Key items in the exhibition include:

Harry Fox’s diary which begins the day after Britain entered the First World War; on that day the local Territorial Force battery in which Harry served as a volunteer part time soldier was mobilised for war. Fox’s entry for 7-9 December 1915: Still raining and streets in a dreadful state … the battery shelled. MO wounded in the head. One of our men in trench up to waist, had to cut greatcoat in half to get him out. Bodies buried in mud and hands and legs sticking out … Men wearing waders.

Herbert Jennings Medals . As a teenager, Herbert performed in a production of Henry V at King Edward’s School in 1913. He and his brother served and were both killed in the real war of 1914 – 1918. Their parents donated a stained glass window to the school, in their memory. The window shows Henry V praying before Agincourt.

The Works of Shakespeare. These books were presented to disabled soldiers in the hope they would provide personal solace and comfort. They were bought from a Memorial Fund set up upon the death of Field Marshal Lord Kitchener in 1916, for the relief of disabled officers and men of the First World War. Within two years the fund was reputedly worth over £500,000 and it still exists today.


Notes to editors:

Images of exhibits are available on request.


To arrange interviews and media access to the exhibition please contact:
Lynn Beddoe
PR & Public Affairs Manager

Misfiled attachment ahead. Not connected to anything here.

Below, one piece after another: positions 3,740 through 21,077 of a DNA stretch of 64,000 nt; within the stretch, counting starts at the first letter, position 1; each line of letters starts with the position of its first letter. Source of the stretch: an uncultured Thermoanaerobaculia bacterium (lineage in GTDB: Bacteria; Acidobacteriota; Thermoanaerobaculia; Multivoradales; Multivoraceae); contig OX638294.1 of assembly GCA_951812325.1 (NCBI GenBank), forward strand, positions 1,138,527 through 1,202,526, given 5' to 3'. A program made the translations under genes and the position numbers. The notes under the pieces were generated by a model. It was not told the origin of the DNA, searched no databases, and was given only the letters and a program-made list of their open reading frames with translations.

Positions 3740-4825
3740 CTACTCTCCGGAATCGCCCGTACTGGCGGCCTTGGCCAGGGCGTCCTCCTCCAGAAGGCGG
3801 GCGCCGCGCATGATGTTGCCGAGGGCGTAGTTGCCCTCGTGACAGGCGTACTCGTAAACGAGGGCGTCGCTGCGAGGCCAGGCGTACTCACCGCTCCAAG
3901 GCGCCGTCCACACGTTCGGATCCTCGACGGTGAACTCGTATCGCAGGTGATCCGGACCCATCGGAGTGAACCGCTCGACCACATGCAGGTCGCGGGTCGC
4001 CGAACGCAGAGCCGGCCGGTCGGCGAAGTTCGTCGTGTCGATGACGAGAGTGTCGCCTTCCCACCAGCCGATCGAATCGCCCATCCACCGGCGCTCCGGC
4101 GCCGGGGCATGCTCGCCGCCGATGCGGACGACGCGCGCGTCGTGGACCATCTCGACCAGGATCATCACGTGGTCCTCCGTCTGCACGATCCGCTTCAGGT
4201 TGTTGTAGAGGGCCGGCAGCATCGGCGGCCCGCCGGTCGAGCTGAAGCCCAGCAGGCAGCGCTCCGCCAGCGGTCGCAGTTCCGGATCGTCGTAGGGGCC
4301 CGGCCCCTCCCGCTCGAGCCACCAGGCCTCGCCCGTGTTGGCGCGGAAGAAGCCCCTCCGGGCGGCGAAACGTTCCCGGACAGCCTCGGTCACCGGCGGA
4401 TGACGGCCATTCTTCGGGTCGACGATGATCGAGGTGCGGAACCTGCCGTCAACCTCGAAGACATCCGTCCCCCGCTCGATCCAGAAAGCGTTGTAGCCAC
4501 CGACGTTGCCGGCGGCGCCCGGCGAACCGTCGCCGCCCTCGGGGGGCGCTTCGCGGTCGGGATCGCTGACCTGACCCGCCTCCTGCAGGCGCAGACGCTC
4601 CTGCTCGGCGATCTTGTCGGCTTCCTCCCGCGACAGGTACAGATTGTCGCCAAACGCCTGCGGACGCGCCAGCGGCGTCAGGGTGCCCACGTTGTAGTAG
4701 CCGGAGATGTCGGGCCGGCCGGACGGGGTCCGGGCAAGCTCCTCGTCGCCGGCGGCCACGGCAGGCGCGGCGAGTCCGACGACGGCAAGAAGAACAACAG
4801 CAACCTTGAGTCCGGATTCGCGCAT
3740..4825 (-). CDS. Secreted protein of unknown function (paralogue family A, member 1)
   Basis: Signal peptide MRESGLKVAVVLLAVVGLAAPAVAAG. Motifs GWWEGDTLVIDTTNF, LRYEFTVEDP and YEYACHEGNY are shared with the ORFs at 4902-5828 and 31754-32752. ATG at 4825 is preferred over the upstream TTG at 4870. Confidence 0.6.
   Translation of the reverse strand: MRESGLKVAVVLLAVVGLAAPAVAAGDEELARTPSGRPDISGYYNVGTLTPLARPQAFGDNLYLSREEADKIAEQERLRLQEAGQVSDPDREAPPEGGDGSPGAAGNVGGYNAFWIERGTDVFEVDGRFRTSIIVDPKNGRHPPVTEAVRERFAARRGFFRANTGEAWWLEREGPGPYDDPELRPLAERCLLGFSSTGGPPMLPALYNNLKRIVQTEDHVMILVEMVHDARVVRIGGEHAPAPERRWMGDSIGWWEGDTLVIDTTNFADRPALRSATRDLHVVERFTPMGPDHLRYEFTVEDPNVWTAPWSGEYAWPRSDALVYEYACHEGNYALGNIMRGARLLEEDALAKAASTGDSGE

Shakespeare Birthplace Trust
T: 01789 207134
M: 07887 661770

Media are welcome to attend the community reception on 18 July. Please let us know if you wish to attend.

About the Heritage Lottery Fund

Heritage Lottery Fund Logo

Using money raised through the National Lottery, the Heritage Lottery Fund (HLF) aims to make a lasting difference for heritage, people and communities across the UK and help build a resilient heritage economy. From museums, parks and historic places to archaeology, natural environment and cultural traditions, we invest in every part of our diverse heritage. HLF has supported almost 35,000 projects with more than £5.5bn across the UK. Follow us on twitter @heritagelottery #understandingWW1

Through its First World War: then and now programme, HLF is making at least £1million available per year for six years until 2019. It will provide grants between £3,000 and £10,000 enabling communities and groups right across the UK to explore, conserve and share their First World War heritage and deepen their understanding of the impact of the conflict.

About the Shakespeare Birthplace Trust

The Shakespeare Birthplace Trust is the independent charity that cares for the world’s greatest Shakespeare heritage sites, the five Shakespeare family homes in Stratford-upon-Avon, and promotes the enjoyment and understanding of Shakespeare’s works, life and times all over the world.

The charity runs formal and informal educational programmes for people of all ages. It holds the world’s largest Shakespeare-related museum and archives open free to the public, a collection which is designated as being of international importance. Its Local History Archive Collection includes Stratford’s town records since 1867 and a wealth of material about the town and South Warwickshire with records dating from the 12th century.

The Shakespeare Birthplace Trust receives no regular direct government funding or public subsidy; it depends on income generated through the support of visitors, donors, grant funders, volunteers and Friends.